|Publication number||US5188985 A|
|Application number||US 07/871,446|
|Publication date||Feb 23, 1993|
|Filing date||Apr 21, 1992|
|Priority date||Mar 29, 1991|
|Publication number||07871446, 871446, US 5188985 A, US 5188985A, US-A-5188985, US5188985 A, US5188985A|
|Inventors||Manuel Medeiros, III, Jay S. Greenspan|
|Original Assignee||Aegis, Inc.|
|Export Citation||BiBTeX, EndNote, RefMan|
|Patent Citations (13), Non-Patent Citations (4), Referenced by (27), Classifications (30), Legal Events (5)|
|External Links: USPTO, USPTO Assignment, Espacenet|
This application is a division of application Ser. No. 07/677,078, filed Mar. 29, 1991 now U.S. Pat. No. 5,111,277.
1. Field of the Invention..
This invention relates generally to a package for housing an electronic circuit. More particularly, the invention relates to a surface mount package having a composite metal base supported by a ceramic frame.
2. Description of Related Art
Increasingly complex microelectronic circuits such as silicon semiconductor integrated circuits and hybrid microelectronic circuits require packages which both encase the circuits and provide electrical interconnection to external circuitry. One suitable package is a surface mount package ("SMT"). The SMT substrate is formed from a plurality of ceramic layers. Each ceramic layer has certain designated functions. For example, a portion of a first ceramic layer may be metallized to permit soldering of an electronic device. A second layer may have metallized circuit traces for wire bonding. Another ceramic layer may be glass sealed to a lid encasing the chip in a hermetic package. Of course, any or all layers may be for a multiplicity of functions. Metallization extending from the circuit traces are soldered to contacts on a circuit board electrically interconnecting the package to the board.
A surface mount package is favored where a low profile package is required or the space available to mount the package is limited. As electronic devices become more complex and available space is reduced, the desirability of a surface mount package increases. Concurrently, as the device complexity increases, the heat generated by operation increases. If the heat is not removed, the temperature of the device rises shortening the operational life. It is therefore highly desirable to develop surface mount packages having high thermal conductivity.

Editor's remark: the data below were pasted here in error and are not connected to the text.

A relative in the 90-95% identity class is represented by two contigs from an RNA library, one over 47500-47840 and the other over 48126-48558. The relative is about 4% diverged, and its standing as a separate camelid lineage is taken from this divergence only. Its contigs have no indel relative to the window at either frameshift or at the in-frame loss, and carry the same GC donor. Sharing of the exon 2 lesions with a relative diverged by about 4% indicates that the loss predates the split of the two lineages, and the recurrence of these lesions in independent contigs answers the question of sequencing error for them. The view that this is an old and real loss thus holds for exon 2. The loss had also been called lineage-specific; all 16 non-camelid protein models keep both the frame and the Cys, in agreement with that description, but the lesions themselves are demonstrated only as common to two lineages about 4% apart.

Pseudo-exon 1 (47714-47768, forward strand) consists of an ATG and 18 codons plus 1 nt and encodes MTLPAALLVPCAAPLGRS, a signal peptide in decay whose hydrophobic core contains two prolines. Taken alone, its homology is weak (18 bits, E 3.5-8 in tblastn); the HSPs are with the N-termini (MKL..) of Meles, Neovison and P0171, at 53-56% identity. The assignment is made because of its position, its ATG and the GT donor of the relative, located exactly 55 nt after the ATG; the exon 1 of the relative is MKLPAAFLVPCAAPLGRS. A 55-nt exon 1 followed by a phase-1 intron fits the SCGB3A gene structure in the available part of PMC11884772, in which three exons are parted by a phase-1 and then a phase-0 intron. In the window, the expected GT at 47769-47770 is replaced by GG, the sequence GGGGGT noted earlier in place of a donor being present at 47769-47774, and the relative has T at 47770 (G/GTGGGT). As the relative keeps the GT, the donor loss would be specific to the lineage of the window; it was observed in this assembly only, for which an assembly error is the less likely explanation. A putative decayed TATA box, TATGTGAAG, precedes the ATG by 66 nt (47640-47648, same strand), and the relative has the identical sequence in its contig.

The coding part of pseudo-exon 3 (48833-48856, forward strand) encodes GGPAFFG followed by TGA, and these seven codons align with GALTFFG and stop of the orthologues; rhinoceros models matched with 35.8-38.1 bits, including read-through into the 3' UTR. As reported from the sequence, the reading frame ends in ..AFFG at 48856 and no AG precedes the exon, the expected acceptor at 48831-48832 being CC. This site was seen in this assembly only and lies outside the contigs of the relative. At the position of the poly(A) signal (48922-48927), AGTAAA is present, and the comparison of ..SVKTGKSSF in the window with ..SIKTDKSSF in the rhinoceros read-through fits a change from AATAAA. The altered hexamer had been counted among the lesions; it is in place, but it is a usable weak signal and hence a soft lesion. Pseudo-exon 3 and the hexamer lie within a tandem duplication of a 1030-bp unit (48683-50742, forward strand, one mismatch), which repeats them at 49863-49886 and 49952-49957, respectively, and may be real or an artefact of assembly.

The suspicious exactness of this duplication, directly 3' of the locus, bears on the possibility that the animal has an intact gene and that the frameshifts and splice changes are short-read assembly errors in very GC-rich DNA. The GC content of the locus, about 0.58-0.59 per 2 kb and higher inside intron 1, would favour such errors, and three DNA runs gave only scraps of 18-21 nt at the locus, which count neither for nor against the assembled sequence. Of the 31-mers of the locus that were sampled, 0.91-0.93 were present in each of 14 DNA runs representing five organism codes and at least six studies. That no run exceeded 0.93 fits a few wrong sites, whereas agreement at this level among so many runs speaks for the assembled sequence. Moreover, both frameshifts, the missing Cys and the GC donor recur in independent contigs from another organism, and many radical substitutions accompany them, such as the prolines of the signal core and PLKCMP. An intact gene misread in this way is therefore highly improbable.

Most ceramic surface mount packages have an alumina (Al2 O3) base. Alumina is selected because its coefficient of thermal expansion is close to that of silicon integrated circuits and alumina hybrid circuits. Prefired alumina (green tape) is easy to stamp or otherwise shape into a desired design. After firing, a dense chemically resistant substrate is formed. Al2 O3 is a poor conductor of heat, having a thermal conductivity (Tc) of 20 W/m-K. By comparison, copper has a Tc of 393.7 W/m-K.
To improve the thermal conduction of heat from the integrated circuit device, U.S. Pat. No. 4,827,082 by Horiuchi et al discloses the use of a ceramic base having better thermal conductivity than alumina. Rather than forming the base of the package from Al2 O3, AlN or SiC having a thermal conductivity in excess of 140 W/m-K are chosen for the base. The device is mounted directly to the AlN or SiC base resulting in an eight fold improvement in thermal conductivity. Aluminum nitride and silicon carbide are more expensive than alumina and more difficult to shape. Care must be take during firing to prevent oxidation of aluminum nitride back to Al2 O3.